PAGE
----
Many of you, I’m sure, have heard some people say, “My chakras are misaligned” or “his third eye chakra is not open” and other similar commentary about the chakras from those ‘in the know’ (personal note: don’t be fooled, yoga schools and ‘spiritual’ enterprises can be as judgmental as any religious institution).
The chakras are energy wheels in our bodies – unseen, indiscernible by modern technology (I think) because the chakras are in our subtle body, or sukshma sarira. The understanding is that whatever takes place in one of our bodies (whether physical / gross body, subtle body or causal body – the three shariras) may have an effect – whether immediate or longer term – in the other bodies / shariras.
So important and compelling is the idea of the chakras that it is now a part of many healing modalities – aside from yoga and meditation. The chakras are at home in Ayurvedic medicine and also reiki healing. They also belong to both Buddhist and Hindu traditions.
When a certain wheel of energy is not churning its energy appropriately, they say that this chakra is “unbalanced” or “closed”. This affects the kundalini (simply put, the rise of energy along the seven main chakras from the base of the spine to the crown of the head.
Hatha yoga and tantra.
Hatha yoga – the physical discipline of yoga (as opposed to the ‘gentle yoga’ form of yoga classes currently using this label in gyms and yoga studios) – is linked to tantra, a philosophical school of India that celebrates our material self and world (to summarise in a very simple way).
Our material self is made of flesh, bones, fat and water, but all this is more than that – molecules and atoms – and even deeper than that – energy. Energy in our material self and world somehow intelligently organises itself into specific functions and patterns that together builds a reality around us – of us and the world around us.
Whatever is manifest – as I learnt at Manasa Yoga School – is manifested by intention, attention and action. So anything that is made manifest needed to have had the intention, attention and action done to make that object manifest.
The chakras are wheels of energy within us that help with this action.
There are said to be over a hundred (or hundreds?) of chakras in our subtle body, but often we focus on the main seven that run along our spine – from the base all the way to the crown of our head.
Each of these chakras have their own capacity and sometimes can explain why you are the way you are and connecting with this chakra may help you overcome challenges you may have been facing all your life.
The use of chakras to help with healing has been present in Ayurveda – the Indian science of healing – for thousands of years. In Ayurveda, it is believed that your ailments can be healed when you balance your chakras.
The balancing of the chakras gets energy to flow in and out of the body so that affected areas can be revived, or you will develop strength enough to fight an ailment (please do more research on your own on how Ayurveda utilises chakras to help heal).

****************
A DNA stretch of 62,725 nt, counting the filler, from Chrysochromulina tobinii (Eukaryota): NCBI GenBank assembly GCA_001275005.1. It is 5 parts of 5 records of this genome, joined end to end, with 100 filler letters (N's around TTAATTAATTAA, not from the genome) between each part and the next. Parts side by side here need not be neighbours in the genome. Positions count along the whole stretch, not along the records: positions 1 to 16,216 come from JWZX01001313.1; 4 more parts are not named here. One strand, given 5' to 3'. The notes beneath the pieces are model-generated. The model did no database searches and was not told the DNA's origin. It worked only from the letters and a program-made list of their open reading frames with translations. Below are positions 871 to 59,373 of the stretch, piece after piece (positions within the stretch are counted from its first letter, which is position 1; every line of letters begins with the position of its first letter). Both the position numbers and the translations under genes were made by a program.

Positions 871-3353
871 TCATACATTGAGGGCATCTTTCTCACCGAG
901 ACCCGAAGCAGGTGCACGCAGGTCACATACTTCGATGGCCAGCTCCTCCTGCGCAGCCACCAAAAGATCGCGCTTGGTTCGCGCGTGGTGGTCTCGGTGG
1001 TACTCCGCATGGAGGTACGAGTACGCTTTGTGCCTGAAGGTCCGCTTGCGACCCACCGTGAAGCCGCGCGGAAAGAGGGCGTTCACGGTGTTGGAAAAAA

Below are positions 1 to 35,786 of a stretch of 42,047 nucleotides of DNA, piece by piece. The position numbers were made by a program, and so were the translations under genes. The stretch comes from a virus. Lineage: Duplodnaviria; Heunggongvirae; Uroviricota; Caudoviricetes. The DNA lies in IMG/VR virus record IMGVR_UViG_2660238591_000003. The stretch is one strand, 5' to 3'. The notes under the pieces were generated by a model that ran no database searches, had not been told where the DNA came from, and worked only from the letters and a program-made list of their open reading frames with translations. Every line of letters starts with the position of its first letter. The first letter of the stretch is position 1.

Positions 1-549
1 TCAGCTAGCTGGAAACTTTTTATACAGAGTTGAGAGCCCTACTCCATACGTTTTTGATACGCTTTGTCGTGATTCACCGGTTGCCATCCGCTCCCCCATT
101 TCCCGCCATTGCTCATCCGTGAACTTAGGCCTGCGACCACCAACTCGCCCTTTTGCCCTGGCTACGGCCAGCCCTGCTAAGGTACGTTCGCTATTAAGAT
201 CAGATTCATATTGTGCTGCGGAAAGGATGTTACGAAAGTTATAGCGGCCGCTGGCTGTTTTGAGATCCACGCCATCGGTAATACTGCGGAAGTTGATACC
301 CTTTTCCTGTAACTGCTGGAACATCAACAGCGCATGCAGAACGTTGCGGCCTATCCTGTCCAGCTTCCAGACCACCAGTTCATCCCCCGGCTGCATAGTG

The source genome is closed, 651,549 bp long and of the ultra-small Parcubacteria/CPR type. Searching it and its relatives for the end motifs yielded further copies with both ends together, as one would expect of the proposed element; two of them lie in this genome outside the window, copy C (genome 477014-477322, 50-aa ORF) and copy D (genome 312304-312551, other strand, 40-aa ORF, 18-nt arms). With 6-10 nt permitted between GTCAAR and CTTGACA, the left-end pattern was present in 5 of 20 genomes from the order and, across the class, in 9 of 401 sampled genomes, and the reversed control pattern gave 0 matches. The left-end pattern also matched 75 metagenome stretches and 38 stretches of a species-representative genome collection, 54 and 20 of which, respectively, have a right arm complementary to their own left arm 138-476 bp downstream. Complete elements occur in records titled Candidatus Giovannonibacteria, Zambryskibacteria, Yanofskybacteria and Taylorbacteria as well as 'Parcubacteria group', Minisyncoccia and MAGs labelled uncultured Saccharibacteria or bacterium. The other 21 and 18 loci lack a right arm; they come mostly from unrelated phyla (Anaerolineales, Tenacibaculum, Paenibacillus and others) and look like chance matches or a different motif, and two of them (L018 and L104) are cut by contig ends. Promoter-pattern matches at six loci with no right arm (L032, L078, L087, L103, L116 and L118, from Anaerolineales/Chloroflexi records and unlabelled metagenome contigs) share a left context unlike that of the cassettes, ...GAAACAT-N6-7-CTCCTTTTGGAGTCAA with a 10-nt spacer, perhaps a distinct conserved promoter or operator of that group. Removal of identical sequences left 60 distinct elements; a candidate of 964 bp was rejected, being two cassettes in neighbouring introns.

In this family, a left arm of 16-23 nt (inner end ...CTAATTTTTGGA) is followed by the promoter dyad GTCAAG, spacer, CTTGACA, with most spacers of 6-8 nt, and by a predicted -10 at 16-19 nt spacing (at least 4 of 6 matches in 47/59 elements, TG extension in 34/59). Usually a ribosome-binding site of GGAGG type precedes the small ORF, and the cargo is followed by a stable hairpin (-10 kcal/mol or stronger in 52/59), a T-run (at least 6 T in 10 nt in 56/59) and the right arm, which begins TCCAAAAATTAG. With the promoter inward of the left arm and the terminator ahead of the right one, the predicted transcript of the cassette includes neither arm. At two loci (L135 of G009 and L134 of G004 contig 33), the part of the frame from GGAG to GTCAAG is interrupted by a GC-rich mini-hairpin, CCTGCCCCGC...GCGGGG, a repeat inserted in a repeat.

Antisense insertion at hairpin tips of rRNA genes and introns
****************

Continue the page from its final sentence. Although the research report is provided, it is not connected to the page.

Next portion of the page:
Because chakra is linked to Buddhism, it was exported out of the South Asian subcontinent to the far east, mainly (from my understanding) in Zen Buddhism, which is closely linked to reiki.
For me, utilising chakras in both designing physical yoga classes or programmes for clients, as well as in reiki to heal (even for animals) has been more than helpful. Using them as a focal point in pendulum healing (of which I am doing more and more of with animals) is also incredibly invaluable to me as an energy healer.
Characteristics of the chakras.
The chakras are usually symbolised by a lotus, with each chakra having different numbers of petals. They also have a certain colour linked to them, and a certain sound (more accurately, vibration). Each chakra also has its own element (e.g. earth, water, fire etc) linked to them.
When healing or focus on the chakras are prescribed, usually the healer will suggest to focus on a specific colour, element or to chant a certain sound. In yoga, specific poses help to rejuvenate certain chakras, and it also helps if the teacher guides the students to connect with the capacity of the element in question (e.g. earthiness of the body, spaciousness of the body etc.).
There really isn’t anything mystical or esoteric about the chakras, in my own humble opinion. The sciences from the Indian subcontinent were around way before modern medicine existed (likewise, Traditional Chinese Medicine).
Whether or not using these disciplines in leu of modern medicine is a question I will allow you to answer on your own, but definitely as a complementary healing method, I would highly recommend them.
I would also highly recommend exploring the chakras if you seek better emotional and spiritual health, or if you have persistent physical ailments that modern medicine can’t seem to keep away.
Stay tuned to learn more of each of the seven main chakras in the weeks and months ahead.
Work with me if you would like to explore the chakras (see below on options – reiki not listed but also available), or contact me if you have questions or just want to say hello!
Work with me!
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